Antidepressants are used to help relieve symptoms of depression and can also be used to treat generalized and social anxiety disorders, obsessive-compulsive disorders, and post-traumatic stress disorder (PTSD).
The best antidepressant for you will be the one that works best for your symptoms and needs. It is also possible to combine different types of antidepressants for better results.
Your healthcare provider will consider various factors to determine what antidepressant is best for you. They will consider if you have other health conditions, if you are taking other medications, and how they may interact with potential antidepressants. They will consider your specific symptoms and if you have relatives for whom a specific drug has worked in the past to treat depression.
Although antidepressant medications do not always cure depression fully, they can be effective in managing symptoms.
Antidepressants work by directly impacting your brain chemistry. They alter the levels of chemicals such as serotonin, dopamine, and norepinephrine in the brain. These chemicals are known as neurotransmitters, and they impact how signals are transmitted between neurons (cells) in the brain.
Each antidepressant medication impacts a different type of neurotransmitter in the brain and affects its behavior differently.
A reuptake inhibitor is a type of medication that prevents the reabsorption of neurotransmitters by brain cells after the intended signal has been sent. This means the neurotransmitters may temporarily stay in the synapses between the nerves, thus keeping the levels of neurotransmitters high in the brain.
Keeping neurotransmitter levels high can help increase communication between the neurons, which then strengthens the brain’s circuits. The overall result is that your mood is regulated.
There are different types of reuptake inhibitors, each targeting a different kind of neurotransmitter.
The three types of reuptake inhibitors are:
- Serotonin and norepinephrine reuptake inhibitors (SNRIs)
- Norepinephrine and dopamine reuptake inhibitors (NDRIs)
- Selective serotonin reuptake inhibitors (SSRIs)
Antidepressants tend to be effective for many people. However, the way everyone responds to medication is different.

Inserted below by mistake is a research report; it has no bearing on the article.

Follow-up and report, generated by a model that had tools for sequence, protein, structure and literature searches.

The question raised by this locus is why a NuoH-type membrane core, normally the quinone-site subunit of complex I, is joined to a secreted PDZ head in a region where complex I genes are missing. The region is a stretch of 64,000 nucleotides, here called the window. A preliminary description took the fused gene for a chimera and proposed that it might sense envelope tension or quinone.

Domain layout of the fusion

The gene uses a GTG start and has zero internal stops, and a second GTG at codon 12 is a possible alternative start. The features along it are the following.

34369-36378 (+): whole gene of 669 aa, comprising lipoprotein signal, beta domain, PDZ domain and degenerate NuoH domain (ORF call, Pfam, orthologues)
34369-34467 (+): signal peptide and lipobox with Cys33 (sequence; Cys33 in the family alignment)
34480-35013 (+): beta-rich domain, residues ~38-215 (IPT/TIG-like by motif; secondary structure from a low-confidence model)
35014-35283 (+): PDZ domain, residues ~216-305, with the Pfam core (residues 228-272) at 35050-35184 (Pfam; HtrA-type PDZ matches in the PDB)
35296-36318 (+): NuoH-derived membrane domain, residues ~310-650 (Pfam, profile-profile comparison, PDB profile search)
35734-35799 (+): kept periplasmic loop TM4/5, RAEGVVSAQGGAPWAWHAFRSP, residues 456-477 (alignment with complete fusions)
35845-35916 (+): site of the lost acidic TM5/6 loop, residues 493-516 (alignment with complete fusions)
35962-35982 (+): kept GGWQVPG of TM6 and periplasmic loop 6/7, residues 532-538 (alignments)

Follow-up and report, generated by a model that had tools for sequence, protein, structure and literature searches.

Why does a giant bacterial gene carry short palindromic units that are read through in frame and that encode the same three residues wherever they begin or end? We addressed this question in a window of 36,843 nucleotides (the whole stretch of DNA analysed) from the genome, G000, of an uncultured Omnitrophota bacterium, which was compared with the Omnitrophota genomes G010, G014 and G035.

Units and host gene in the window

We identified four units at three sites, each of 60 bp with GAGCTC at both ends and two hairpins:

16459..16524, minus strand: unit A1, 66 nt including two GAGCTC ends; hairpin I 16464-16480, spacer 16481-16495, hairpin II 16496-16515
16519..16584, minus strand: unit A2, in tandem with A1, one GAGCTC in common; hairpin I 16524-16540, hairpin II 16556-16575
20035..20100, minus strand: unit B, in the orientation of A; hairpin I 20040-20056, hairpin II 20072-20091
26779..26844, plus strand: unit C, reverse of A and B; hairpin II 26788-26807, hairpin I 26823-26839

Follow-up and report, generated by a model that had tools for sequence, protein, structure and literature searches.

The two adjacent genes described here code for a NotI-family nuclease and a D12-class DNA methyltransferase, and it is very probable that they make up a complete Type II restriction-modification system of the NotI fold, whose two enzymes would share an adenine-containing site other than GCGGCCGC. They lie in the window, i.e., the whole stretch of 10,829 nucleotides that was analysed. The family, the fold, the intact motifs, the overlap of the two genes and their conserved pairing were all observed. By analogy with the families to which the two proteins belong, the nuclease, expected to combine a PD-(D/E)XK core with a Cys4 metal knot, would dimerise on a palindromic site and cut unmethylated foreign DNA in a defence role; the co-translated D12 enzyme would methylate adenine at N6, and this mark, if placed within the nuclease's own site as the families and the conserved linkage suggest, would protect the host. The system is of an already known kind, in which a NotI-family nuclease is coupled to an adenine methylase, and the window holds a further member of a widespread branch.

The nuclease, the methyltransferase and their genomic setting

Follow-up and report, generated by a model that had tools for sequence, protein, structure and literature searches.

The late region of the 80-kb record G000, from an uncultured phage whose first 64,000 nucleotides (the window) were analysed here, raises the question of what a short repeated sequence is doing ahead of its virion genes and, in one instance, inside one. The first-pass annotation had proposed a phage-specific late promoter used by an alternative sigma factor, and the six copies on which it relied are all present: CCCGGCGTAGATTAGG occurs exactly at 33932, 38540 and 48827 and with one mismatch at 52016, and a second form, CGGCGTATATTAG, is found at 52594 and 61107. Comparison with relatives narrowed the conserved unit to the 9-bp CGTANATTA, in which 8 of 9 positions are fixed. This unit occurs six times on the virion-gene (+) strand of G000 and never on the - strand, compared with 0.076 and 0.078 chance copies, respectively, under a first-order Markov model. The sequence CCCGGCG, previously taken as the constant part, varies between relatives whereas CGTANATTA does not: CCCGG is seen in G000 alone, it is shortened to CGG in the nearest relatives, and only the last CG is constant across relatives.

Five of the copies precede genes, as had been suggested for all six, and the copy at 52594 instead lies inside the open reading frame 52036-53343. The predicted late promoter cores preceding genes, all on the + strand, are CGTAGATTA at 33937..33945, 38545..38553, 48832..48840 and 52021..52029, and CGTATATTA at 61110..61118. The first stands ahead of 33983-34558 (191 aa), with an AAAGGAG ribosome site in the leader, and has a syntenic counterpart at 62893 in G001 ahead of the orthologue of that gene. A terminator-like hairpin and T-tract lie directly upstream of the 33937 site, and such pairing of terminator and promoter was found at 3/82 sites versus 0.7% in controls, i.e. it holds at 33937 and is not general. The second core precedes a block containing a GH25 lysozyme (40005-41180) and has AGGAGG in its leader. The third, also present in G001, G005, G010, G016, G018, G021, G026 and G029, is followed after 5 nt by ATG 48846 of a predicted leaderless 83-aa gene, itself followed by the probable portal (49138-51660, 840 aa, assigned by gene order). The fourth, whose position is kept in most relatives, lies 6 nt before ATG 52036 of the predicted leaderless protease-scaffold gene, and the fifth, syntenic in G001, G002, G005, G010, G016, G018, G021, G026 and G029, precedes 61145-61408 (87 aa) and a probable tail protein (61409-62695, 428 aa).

Most people begin to notice the benefits of taking antidepressants after 1-2 weeks if all prescribed doses are taken. With antidepressants, it is crucial to take the medication exactly as prescribed by one’s doctor. Talk to your doctor if you don’t notice any improvements after four weeks.
Even though the medicine usually acts fairly quickly (within two weeks after you start taking them) to increase levels of neurotransmitters in the brain, the full benefits of the medications may manifest only after four to six weeks and up to three months.
Antidepressant treatment can take up to six months to start showing results. However, how long you need antidepressants may vary. Patience is an essential part of treatment when using antidepressants.
When taking an antidepressant medication, don’t change your dosage or stop taking your medication without talking to your doctor. Take your medication according to your doctor’s instructions.
With antidepressants, there are some side effects that are present initially when you start taking the medication but tend to improve over time as your body gets used to the medications.
- Dry mouth
- Loose bowel movements
One significant side effect to be aware of is that some people may have increased suicidal thoughts or behaviors when taking antidepressants. In such a situation, notify your doctor immediately, as this is a serious side effect and needs immediate medical attention.
If any side effects of your antidepressants are bothering you, talk to your doctor before making any changes to your medications on your own.
Finding the right treatment when you suffer from treatment-resistant or major depressive disorder can be challenging. Antidepressant medication is the first line of defense for treating depression symptoms. But we have other treatment options if medications fail.
Contact Axis Integrative Mental Health at (720) 400-7025 or fill out our contact us to learn how we can help with your medication management.